British Museum blog

The making and meaning of Ming: 50 years that changed China

Visitors examining some of the exquisite textiles on display in the exhibition
Yu-ping Luk, Exhibition Project Curator, British Museum

One of our missions at the British Museum is to encourage visitors to think about cultures and periods that might be outside their everyday spheres. Everyone has heard of China, and most people have heard of Ming, but we wondered how many people fully appreciate the significance of the Ming era in Chinese and world history – beyond, of course, the making of exquisite porcelain. This was one of the motivations behind our major autumn show, the BP exhibition Ming: 50 years that changed China, which has just opened and runs until 5 January 2015.

Carved lacquer dish Yongle Period, Ming Dynasty, 1403-1424. BM 1974,0226.20

Carved lacquer dish Yongle Period, Ming Dynasty, 1403-1424. BM 1974,0226.20

We hope that the exhibition will open visitors’ eyes to just how much happened in the years 1400-1450, when the Ming dynasty was in its ascendancy and took its place on the global stage. It was during this period that Beijing became the capital, the Forbidden City was built, and imperial fleets were sent far afield – in short, this was a Golden Age in China’s history.

We are telling the story of Ming-era China though a huge range of items – paintings, prints, ceramics, lacquer, gold, jewels, textiles, weapons and sculpture. Some of the most exciting pieces are spectacular artefacts excavated from the tombs of regional princes, many of them never seen outside of China. They include hats, silk costumes and even gold chopsticks once used by princes.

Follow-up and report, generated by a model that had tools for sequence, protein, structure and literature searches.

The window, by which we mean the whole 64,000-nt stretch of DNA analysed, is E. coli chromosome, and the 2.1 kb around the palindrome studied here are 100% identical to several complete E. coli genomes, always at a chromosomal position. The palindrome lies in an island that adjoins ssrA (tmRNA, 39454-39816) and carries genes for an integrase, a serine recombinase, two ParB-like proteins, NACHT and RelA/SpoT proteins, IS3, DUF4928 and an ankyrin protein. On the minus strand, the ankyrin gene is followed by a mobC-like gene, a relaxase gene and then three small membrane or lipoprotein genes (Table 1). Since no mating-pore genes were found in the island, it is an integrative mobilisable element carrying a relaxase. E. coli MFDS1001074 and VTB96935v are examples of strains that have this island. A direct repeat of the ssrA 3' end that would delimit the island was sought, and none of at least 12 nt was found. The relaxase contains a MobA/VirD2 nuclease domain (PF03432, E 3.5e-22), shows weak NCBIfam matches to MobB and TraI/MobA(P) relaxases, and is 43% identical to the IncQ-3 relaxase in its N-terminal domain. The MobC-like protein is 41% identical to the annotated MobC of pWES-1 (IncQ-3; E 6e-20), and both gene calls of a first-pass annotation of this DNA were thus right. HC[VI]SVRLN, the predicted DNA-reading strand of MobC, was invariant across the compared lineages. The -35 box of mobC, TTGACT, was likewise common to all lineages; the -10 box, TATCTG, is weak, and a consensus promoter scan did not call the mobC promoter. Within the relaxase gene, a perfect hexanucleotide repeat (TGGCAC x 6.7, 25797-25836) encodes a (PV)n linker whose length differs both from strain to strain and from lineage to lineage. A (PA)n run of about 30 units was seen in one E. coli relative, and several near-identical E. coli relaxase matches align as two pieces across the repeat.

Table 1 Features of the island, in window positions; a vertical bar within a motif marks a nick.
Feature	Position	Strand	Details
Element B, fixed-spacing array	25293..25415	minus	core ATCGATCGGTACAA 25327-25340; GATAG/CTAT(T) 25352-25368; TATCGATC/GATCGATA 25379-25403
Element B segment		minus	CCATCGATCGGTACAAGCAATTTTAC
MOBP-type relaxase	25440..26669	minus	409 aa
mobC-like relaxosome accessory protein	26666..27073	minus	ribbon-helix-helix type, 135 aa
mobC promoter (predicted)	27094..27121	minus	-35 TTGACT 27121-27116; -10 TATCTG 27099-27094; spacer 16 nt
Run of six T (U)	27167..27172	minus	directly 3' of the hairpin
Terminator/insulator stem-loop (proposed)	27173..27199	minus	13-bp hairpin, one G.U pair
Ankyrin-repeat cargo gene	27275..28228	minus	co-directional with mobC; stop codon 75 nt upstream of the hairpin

Gold belt set with gems, excavated from the tomb of Zhu Zhanji, Prince Zhuang of Liang, and Lady Wei at Zhongxiang, Hubei province, about 1403–25. Courtesy of the Hubei Provincial Museum.

Gold belt set with gems, excavated from the tomb of Zhu Zhanji, Prince Zhuang of Liang, and Lady Wei at Zhongxiang, Hubei province, c. 1403–25. Courtesy of the Hubei Provincial Museum.

One aspect of Ming China we are especially keen to showcase is the connections between China and the wider world during this time. This is wonderfully illustrated in a stunning gold belt, set with precious and semi-precious stones, from a princely tomb in Hubei province, central China. The gems include rubies, sapphires and emeralds that were imported to China from Southeast Asia, India and Sri Lanka. Made at the imperial palace, this belt would have been a gift from the emperor to the prince, which also highlights the movement of precious objects not only between China and the wider world, but also within China itself.

Adoration of the Magi by Andrea Mantegna, Italy, c.1495 - 1505 © The J. Paul Getty Museum, Los Angeles

Adoration of the Magi by Andrea Mantegna, Italy, c.1495 – 1505 © The J. Paul Getty Museum, Los Angeles

The years 1400 to 1450 saw huge state-sponsored armadas journey from China to Southeast Asia, the Middle East and the east coast of Africa. These voyages fostered trade, diplomacy and emphasised the authority of the Ming empire. All this took place decades before Christopher Columbus reached the Americas and the discovery of a direct sea route between Europe to Asia. At this point, Chinese luxury goods such as porcelain were reaching Europe only in isolated numbers. This is suggested in a beautiful painting of the ‘Adoration of the Magi’ by Andrea Mantegna. It depicts one of the Wise Men presenting a Chinese porcelain cup filled with gold to the infant Jesus, showing the prestige and luxury that Chinese porcelain represented in Europe.

Visitors looking at some of the exquisite textiles on show in the exhibition

Visitors examining some of the exquisite textiles on display in the exhibition